A critical mass of brands, businesses, marketers, and corporate executives may have a presence on social media today, but that doesn’t mean they have a clue what they’re doing on these online communication channels.
Sure, some of them may be thriving in the space, attracting a loyal following and carving out a reputation for sharing timely, indispensable content that couldn’t be found anywhere else.
However, an overwhelming majority seem to fall into one of two categories of still doing it wrong. Either they don’t know what to say so their collective silence is deafening, or they’re broadcasting the same old promotional messages over and over again so they sound like a cacophony of carnival barkers.
Many of them seem at a loss on how to strike a happy medium with both their content and cadence, missing countless opportunities to connect with their constituents and earn their unconditional support.
Of course, being creative, entertaining, and informative can go a long way toward helping you build a big audience on social media, but simply being yourself may be the easiest way to score points there.
Here are 10 ways to humanize your social media brand and win over the crowds on Twitter, Facebook, Instagram, and the like…
Don’t hide behind a corporate logo and post in anonymity. Let your audience know there are real people behind the scenes. Put a collective face on your brand by introducing yourself and your team. Who you are as people is of utmost importance. Your interests and emotions count as much as the facts and information. Show that you have more than just a pulse, show that you have a personality.
Your social media accounts are run by human beings, not logos. So talk that way. Refer to your brand in the first person — the collective “we,” or if you’re your own boss, “I,” — not the name of your company. Be available, responsive, and conversational. If you personify the qualities you admire in a best friend, you’ll not only spark more meaningful engagement, you’ll build a lot of trust.
Forget the buzzwords and jargon. You don’t have to impress anyone with your vocabulary. This is your chance to come across as the colleague next door, someone who’s as down to earth as they come. It’s OK to talk business. You certainly want to establish yourself as a credible authority. Just be sure to speak in layman’s terms, not yours. Small talk can be a big deal on social media.
Whether you have space limitations or not, heed what Dale Carnegie wrote in his book How to Win Friends and Influence People, “Remember that a person’s name is to that person the sweetest and most important sound in any language.” Don’t cut characters at the expense of the sound your fans, followers, and friends want to hear. Cut somewhere else. Names are that important.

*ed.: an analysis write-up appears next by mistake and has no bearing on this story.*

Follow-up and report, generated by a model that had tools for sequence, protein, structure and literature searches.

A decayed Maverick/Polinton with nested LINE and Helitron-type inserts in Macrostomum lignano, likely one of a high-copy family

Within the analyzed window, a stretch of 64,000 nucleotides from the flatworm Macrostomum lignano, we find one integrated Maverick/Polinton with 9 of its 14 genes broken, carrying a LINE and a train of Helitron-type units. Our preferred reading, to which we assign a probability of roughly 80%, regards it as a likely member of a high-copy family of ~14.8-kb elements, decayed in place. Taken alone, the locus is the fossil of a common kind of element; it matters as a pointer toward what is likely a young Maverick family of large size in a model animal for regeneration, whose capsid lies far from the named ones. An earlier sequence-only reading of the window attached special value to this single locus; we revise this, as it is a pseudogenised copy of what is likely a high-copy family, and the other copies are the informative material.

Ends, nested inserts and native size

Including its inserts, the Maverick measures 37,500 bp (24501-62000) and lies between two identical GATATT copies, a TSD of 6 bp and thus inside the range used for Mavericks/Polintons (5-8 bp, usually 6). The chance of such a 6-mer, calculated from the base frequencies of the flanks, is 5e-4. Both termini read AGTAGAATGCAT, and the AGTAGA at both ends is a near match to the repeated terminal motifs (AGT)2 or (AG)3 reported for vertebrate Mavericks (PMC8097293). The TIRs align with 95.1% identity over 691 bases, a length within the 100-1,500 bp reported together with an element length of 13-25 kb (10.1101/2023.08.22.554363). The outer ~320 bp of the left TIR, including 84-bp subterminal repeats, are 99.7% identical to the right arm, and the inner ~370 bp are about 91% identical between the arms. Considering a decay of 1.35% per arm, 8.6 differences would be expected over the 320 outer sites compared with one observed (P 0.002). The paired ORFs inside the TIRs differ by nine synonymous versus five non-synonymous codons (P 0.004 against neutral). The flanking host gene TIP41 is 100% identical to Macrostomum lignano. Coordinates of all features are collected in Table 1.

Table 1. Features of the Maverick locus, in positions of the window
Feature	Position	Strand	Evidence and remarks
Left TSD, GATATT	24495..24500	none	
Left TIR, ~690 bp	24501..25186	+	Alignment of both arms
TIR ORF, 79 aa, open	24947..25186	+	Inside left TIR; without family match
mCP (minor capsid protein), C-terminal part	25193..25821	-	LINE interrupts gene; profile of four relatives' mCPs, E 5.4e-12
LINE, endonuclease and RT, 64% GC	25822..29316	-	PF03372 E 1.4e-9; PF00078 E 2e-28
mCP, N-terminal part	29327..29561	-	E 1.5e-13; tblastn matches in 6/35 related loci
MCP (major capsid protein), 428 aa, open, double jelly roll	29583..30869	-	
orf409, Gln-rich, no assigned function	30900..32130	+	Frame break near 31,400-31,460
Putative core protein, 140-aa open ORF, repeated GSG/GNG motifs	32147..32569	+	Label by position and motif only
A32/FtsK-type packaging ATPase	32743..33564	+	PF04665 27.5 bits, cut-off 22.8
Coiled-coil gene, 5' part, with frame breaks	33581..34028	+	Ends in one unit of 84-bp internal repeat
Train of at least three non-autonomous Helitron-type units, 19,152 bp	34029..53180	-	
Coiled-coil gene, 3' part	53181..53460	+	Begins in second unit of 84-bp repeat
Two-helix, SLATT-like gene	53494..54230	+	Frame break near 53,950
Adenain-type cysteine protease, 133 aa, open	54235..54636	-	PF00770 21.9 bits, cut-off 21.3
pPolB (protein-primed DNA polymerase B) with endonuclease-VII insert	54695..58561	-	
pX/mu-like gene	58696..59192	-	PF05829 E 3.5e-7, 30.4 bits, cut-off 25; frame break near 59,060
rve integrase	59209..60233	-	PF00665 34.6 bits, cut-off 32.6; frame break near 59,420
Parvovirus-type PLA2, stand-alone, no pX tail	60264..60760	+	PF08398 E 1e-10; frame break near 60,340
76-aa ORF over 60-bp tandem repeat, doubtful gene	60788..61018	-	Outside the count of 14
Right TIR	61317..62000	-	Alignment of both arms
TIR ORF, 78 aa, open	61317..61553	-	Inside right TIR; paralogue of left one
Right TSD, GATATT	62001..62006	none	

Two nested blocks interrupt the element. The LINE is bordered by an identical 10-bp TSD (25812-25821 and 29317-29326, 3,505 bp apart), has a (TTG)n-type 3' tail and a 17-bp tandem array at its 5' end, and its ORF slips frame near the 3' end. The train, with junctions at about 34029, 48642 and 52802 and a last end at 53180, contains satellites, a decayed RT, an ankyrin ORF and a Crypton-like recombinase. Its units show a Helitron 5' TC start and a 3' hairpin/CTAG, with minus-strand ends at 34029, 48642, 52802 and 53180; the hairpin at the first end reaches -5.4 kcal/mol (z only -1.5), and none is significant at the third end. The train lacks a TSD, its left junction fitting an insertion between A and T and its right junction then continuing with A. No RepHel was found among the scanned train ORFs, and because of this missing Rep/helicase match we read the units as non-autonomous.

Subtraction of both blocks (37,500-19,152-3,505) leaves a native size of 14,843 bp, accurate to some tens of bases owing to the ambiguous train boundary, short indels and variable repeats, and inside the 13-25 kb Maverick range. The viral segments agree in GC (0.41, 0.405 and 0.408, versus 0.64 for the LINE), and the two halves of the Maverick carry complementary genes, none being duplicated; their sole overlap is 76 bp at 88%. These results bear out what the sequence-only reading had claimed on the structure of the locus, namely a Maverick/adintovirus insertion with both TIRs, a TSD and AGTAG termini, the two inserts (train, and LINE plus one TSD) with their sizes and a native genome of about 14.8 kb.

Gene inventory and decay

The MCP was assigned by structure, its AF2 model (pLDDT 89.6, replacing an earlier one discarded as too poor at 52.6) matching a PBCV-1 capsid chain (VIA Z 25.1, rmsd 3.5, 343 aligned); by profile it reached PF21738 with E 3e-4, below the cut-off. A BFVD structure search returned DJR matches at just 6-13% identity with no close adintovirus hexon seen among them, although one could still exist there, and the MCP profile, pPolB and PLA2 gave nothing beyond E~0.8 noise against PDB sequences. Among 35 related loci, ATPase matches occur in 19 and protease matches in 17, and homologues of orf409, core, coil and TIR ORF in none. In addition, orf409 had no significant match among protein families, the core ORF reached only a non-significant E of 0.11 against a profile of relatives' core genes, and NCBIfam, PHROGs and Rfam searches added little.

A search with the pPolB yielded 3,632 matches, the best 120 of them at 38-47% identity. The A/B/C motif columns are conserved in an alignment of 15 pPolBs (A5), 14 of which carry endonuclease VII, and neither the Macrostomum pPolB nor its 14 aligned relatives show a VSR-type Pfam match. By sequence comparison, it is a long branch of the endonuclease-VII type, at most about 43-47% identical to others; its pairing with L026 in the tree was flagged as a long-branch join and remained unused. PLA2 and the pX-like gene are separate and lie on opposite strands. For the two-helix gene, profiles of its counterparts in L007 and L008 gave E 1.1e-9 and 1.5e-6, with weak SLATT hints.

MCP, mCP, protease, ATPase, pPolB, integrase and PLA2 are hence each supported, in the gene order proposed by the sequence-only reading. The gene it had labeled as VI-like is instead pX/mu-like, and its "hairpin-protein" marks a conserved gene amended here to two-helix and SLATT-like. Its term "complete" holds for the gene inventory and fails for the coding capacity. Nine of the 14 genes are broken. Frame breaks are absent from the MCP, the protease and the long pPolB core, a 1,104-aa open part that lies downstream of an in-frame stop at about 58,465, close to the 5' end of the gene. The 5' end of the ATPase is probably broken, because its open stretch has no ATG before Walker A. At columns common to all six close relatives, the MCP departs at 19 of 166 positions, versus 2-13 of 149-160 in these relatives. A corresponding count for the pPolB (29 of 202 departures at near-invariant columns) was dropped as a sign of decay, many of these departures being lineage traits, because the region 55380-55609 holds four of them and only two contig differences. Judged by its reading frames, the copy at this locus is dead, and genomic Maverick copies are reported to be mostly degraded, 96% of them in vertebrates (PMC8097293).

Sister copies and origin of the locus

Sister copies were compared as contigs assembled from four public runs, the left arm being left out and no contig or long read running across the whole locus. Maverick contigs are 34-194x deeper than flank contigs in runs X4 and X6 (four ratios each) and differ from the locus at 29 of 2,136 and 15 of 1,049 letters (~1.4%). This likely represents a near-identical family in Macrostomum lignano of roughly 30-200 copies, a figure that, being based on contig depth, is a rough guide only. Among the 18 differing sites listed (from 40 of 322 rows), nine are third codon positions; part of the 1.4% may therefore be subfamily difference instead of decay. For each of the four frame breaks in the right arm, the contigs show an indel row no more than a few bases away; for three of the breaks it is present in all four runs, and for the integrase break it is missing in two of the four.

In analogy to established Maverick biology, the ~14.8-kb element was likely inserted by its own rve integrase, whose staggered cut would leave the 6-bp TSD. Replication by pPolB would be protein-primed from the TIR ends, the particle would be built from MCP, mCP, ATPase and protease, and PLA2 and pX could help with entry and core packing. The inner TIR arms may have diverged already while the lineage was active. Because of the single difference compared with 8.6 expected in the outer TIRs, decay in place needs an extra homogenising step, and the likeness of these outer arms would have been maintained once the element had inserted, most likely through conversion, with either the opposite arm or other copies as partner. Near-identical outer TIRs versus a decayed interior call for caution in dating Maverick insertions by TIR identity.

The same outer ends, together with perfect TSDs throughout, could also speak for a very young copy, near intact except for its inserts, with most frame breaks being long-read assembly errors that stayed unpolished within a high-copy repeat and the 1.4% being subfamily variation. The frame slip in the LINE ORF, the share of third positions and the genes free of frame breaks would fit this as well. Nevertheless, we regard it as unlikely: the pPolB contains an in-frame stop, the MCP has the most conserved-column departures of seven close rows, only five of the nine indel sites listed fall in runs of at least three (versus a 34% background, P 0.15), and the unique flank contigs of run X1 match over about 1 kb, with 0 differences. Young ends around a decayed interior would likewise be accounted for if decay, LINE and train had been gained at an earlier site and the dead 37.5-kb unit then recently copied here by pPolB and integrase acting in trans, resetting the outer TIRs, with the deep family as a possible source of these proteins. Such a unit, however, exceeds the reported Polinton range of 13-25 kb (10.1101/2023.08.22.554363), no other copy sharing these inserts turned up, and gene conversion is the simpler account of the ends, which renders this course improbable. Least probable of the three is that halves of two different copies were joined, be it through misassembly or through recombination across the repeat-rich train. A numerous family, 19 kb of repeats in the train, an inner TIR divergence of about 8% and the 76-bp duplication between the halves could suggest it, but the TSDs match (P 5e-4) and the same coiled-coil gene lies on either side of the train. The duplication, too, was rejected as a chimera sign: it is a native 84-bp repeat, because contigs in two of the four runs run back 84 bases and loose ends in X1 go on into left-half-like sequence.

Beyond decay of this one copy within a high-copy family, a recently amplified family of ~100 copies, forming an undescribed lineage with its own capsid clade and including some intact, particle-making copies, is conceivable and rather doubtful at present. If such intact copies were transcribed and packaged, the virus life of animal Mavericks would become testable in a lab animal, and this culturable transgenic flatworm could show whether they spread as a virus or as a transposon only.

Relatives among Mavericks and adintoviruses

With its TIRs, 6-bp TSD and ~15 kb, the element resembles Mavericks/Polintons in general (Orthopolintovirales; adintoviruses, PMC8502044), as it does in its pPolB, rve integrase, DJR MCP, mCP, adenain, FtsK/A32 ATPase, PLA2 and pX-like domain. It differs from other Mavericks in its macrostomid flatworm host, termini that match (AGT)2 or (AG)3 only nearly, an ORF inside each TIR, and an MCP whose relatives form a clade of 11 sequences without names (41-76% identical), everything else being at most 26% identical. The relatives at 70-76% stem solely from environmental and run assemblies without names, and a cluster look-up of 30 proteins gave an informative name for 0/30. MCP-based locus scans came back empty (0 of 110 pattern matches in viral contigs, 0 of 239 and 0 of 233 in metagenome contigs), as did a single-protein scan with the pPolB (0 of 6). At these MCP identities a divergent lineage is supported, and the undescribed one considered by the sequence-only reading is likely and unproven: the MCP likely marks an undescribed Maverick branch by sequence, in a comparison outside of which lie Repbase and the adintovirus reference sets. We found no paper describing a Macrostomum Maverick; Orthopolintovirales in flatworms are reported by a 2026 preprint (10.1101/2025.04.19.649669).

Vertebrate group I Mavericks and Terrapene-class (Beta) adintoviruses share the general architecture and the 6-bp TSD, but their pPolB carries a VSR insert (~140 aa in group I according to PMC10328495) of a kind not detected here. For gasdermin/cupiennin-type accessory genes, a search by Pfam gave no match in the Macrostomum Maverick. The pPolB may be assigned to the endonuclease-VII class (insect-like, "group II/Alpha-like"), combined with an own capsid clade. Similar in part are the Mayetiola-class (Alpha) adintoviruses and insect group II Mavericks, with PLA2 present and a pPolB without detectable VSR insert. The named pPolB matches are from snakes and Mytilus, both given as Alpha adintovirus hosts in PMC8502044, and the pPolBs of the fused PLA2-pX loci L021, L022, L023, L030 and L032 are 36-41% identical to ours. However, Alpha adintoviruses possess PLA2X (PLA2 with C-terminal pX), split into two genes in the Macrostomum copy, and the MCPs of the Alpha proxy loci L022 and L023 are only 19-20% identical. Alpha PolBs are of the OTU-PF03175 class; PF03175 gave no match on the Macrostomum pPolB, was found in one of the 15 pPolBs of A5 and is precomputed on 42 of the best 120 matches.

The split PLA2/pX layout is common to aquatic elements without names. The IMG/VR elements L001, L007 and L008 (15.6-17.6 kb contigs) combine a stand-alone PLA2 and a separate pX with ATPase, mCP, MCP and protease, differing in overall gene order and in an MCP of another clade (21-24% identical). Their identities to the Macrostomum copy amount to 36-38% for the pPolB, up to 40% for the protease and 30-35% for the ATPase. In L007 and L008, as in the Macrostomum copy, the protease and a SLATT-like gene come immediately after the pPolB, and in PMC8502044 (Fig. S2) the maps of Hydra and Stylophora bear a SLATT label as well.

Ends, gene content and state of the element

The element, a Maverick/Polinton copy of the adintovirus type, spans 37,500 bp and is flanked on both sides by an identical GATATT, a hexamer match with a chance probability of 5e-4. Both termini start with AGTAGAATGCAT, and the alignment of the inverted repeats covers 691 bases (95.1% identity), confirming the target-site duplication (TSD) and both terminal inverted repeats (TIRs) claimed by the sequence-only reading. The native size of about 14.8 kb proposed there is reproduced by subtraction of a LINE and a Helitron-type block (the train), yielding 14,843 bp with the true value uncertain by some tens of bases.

Most of us schedule at least some of our posts in advance using automation tools. That’s how we maintain a consistent, ongoing presence across the social landscape. But planned content shouldn’t make up the majority of your stream. The more extemporaneous you can be, the more props you will earn for your timeliness and authenticity.
As a copywriter, I hate to admit this, but even the best written content can’t always capture the right tone of voice. Personality, mood, context — none of that’s easy to get across in words alone. Pictures of whatever you’re doing, wherever you are, are more realistic, intimate, and explanatory. Video is even better.
As I wrote last month on ClickZ, no brand wants to be perceived as uptight, old-fashioned, and out of touch. Yet far too many of them remain reluctant to share anything more than everyday news with their followers, never mind a chuckle. Remember, laughter is the best medicine for a lot of things, including a business that’s stuck in a rut on social media.
You may think it’s old-fashioned, but don’t forget the golden rule. There’s a lot to be said for doing good. Give someone your attention and you’ll get theirs in return. Provide them with your assistance and they’ll be grateful forever. Don’t just share your own valuable content, either. Share others’ as well. This will be taken as a sincere form of flattery and go a long way toward showing them you’re genuinely paying attention as opposed to simply automating your feed.
Not everyone realizes you don’t have to say a thing on social media to reap some of the benefits of it. You can’t empathize with your constituents if you don’t understand them. Monitor what people are saying about you and your brand. Keep an ear to the ground and take feedback seriously. Hang on the words of others and you’ll learn a ton. Respond in kind to them and not only will they put you on their radar, they’ll be thankful for the attention and likely reciprocate.
When all is said and done, don’t forget that to err is human. Not that you want to make any mistakes. Of course not. But if they’re honest, harmless blunders and goofs, you shouldn’t have to lose any sleep about them. Spelling, punctuation, good grammar, and accuracy are of utmost importance. There are no excuses for inattention to detail. But if you drop the ball rarely, not regularly, most people will be quick to forgive you if they even notice at all.